Some topics in every field turn out to be fraught with specious ideas, and neurology and psychiatry have grappled with many of them. We cannot know whether the absence of articles on phrenology in BMSJ was an implicit message or whether it was a reflection of Boston’s medical orthodoxy. Many positive reports of magnetism applied to nervous conditions and endorsements of autointoxication as the cause of mental diseases were, however, published in the Journal. Briggs LV. A consideration of auto-intoxication and auto-infection as cause of various mental disorders. Boston Med Surg J 1905;152:1-5, 36

Most of these quaint notions simply reflected the medical ideologies of the time. For an example of early continuity of subject matter regarding the nerves that has appeared in the Journal one has only to look at Brown-Séquard’s work on electrical activity of the nervous system and J.C. Warren’s derisive article “Animal Magnetism,” stating that the concept, “which some thirty years ago excited great attention . . . has since been viewed as one of the remarkable impositions on the credulity of mankind.” Warren JC. Animal magnetism. Boston Med Surg J 1814;3:40-46

But the use of electricity for brain disorders is now again invoked through the technology of deep-brain stimulation. Escaping from the stigma of psychosurgery, articles in the Journal have expanded the application of deep-brain stimulation well beyond its usual use in Parkinson’s disease and found substantiation for its use in intractable obsessive–compulsive disorder. Mallet L, Polosan M, Jaafari N, et al. Subthalamic nucleus stimulation in severe obsessive-compulsive disorder. N Engl J Med 2008;359:2121-2134[Erratum, N Engl J Med 2009;361:1027.] and in dystonia. Kupsch A, Benecke R, Muller J, et al. Pallidal deep-brain stimulation in primary generalized or segmental dystonia. N Engl J Med 2006;355:1978-1990 and Vidailhet M, Vercueil L, Houeto JL, et al. Bilateral deep brain stimulation of the globus pallidus in primary generalized dystonia. N Engl J Med 2005;352:459-467

When psychodynamic systems that attributed mental diseases to unconscious conflicts were popularized in the mid-20th century, there was a conspicuous absence of articles about them in theJournal. The exception was psychosomatic medicine. In a 1948 article in the Journal, A.O. Ludwig wrote that “emotional influences acting over longer or shorter periods result at first in disturbed physiology and eventually in structural change. Peptic ulcer is the simplest example . . . [u]lcerative colitis . . . asthma, hay fever and urticaria, certain skin diseases, such as eczema and neurodermatitis, migraine, possibly certain cases of epilepsy; hypertension and rheumatoid arthritis.” Ludwig AO. The practical importance of modern concepts of psychosomatic relations. N Engl J Med 1948;238:175-178. Concerning much of 20th-century psychiatry, including psychoanalysis, however, the Journal spoke through its silence. With the ascent of biologic psychiatry in the first decade of the 21st century, large pragmatic “efficacy” trials identified by their acronyms have appeared in the pages of the Journal — for depression (STAR*D), Trivedi MH, Fava M, Wisniewski SR, et al. Medication augmentation after the failure of SSRIs for depression. N Engl J Med 2006;354:1243-1252 psychosis (CATIE), Lieberman JA, Stroup TS, McEvoy JP, et al. Effectiveness of antipsychotic drugs in patients with chronic schizophrenia. N Engl J Med 2005;353:1209-1223[Erratum, N Engl J Med 2010;363:1092-3.] and dementia (CATIE-AD). Schneider LS, Tariot PN, Dagerman KS, et al. Effectiveness of atypical antipsychotic drugs in patients with Alzheimer’s disease. N Engl J Med 2006;355:1525-1538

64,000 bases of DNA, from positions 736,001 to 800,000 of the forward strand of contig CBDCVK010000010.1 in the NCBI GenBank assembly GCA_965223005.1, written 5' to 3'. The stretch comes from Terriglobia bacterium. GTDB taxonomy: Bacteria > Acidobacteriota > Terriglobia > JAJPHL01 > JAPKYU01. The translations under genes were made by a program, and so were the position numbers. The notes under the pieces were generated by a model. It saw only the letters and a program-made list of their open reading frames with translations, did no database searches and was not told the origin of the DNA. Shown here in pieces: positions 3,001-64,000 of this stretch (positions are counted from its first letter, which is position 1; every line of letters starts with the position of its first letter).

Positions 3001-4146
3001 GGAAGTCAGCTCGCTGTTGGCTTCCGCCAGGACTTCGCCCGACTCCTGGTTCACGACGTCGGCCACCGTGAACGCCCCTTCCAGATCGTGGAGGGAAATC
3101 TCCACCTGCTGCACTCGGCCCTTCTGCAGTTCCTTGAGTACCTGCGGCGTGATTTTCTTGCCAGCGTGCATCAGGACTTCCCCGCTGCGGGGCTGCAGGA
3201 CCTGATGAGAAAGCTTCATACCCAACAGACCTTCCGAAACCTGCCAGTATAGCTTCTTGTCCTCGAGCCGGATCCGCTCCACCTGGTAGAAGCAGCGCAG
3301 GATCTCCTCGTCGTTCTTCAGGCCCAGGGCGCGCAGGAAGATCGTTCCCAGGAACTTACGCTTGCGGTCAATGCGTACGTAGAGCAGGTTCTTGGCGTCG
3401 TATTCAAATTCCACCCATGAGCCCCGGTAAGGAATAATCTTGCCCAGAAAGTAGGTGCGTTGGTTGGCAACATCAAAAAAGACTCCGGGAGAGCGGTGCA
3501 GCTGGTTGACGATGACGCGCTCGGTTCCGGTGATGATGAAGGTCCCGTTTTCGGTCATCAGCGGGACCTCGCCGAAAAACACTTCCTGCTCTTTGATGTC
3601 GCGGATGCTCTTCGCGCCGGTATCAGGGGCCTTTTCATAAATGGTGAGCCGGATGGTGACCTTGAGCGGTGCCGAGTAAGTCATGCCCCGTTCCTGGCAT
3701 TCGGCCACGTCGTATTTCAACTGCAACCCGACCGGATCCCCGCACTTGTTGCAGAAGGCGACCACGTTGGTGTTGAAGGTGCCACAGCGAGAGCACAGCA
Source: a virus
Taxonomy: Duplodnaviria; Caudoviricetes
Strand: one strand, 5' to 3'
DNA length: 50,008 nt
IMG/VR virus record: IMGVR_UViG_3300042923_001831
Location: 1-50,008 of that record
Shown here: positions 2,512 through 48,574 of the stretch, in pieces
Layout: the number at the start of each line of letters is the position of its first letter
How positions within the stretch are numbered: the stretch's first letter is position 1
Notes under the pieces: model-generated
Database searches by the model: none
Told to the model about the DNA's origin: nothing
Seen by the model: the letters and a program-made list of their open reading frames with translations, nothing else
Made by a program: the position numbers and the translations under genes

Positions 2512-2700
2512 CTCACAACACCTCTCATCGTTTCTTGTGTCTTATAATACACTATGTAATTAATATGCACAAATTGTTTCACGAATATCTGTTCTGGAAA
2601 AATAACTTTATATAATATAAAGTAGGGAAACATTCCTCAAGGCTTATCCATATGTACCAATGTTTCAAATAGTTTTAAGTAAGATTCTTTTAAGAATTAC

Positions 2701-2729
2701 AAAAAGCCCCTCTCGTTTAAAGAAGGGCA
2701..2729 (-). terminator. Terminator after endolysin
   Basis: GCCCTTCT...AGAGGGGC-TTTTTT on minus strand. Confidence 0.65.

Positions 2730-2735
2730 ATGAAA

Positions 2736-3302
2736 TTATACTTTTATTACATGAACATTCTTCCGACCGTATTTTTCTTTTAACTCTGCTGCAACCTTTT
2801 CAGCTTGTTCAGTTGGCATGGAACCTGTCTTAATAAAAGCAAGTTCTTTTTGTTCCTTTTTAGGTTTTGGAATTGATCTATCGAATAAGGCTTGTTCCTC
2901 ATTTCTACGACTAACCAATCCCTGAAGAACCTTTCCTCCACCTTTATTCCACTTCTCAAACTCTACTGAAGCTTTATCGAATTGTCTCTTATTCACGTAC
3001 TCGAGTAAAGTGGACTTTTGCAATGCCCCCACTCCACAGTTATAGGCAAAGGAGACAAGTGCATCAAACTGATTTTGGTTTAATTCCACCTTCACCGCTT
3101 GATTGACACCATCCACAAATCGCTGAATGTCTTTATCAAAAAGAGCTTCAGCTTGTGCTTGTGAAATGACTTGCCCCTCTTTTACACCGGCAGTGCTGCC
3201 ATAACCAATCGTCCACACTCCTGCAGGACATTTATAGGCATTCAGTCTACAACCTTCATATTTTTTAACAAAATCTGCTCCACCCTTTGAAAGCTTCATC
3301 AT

These studies affirm the value but expose the shortcomings and risks of medical treatment for mental conditions and suggest that the field may have moved a bit too far, as in a quip by the late Leon Eisenberg, from “brainlessness to mindlessness.” Eisenberg L. Mindlessness and brainlessness in psychiatry. Br J Psychiatry 1986;148:497-508

These articles about psychiatry published in the Journal are influencing that field, as other articles have in neurology and neurosurgery, bringing the study of mental life and its diseases back into contemporary medicine and thereby rejoining the specialties of the brain.

For 200 years, the Journal has seen neurology and psychiatry evolve from a European to an international scope, from an emphasis on diagnosis to an emphasis on treatment, and has published many of the fundamental descriptions of nervous and mental diseases while cultivating a new and potent therapeutic course. One would expect the next 100 years to bring a new outlook on diseases of the nervous system that is based on fundamental biology, but the need for keen observation of the individual patient is not likely to be supplanted.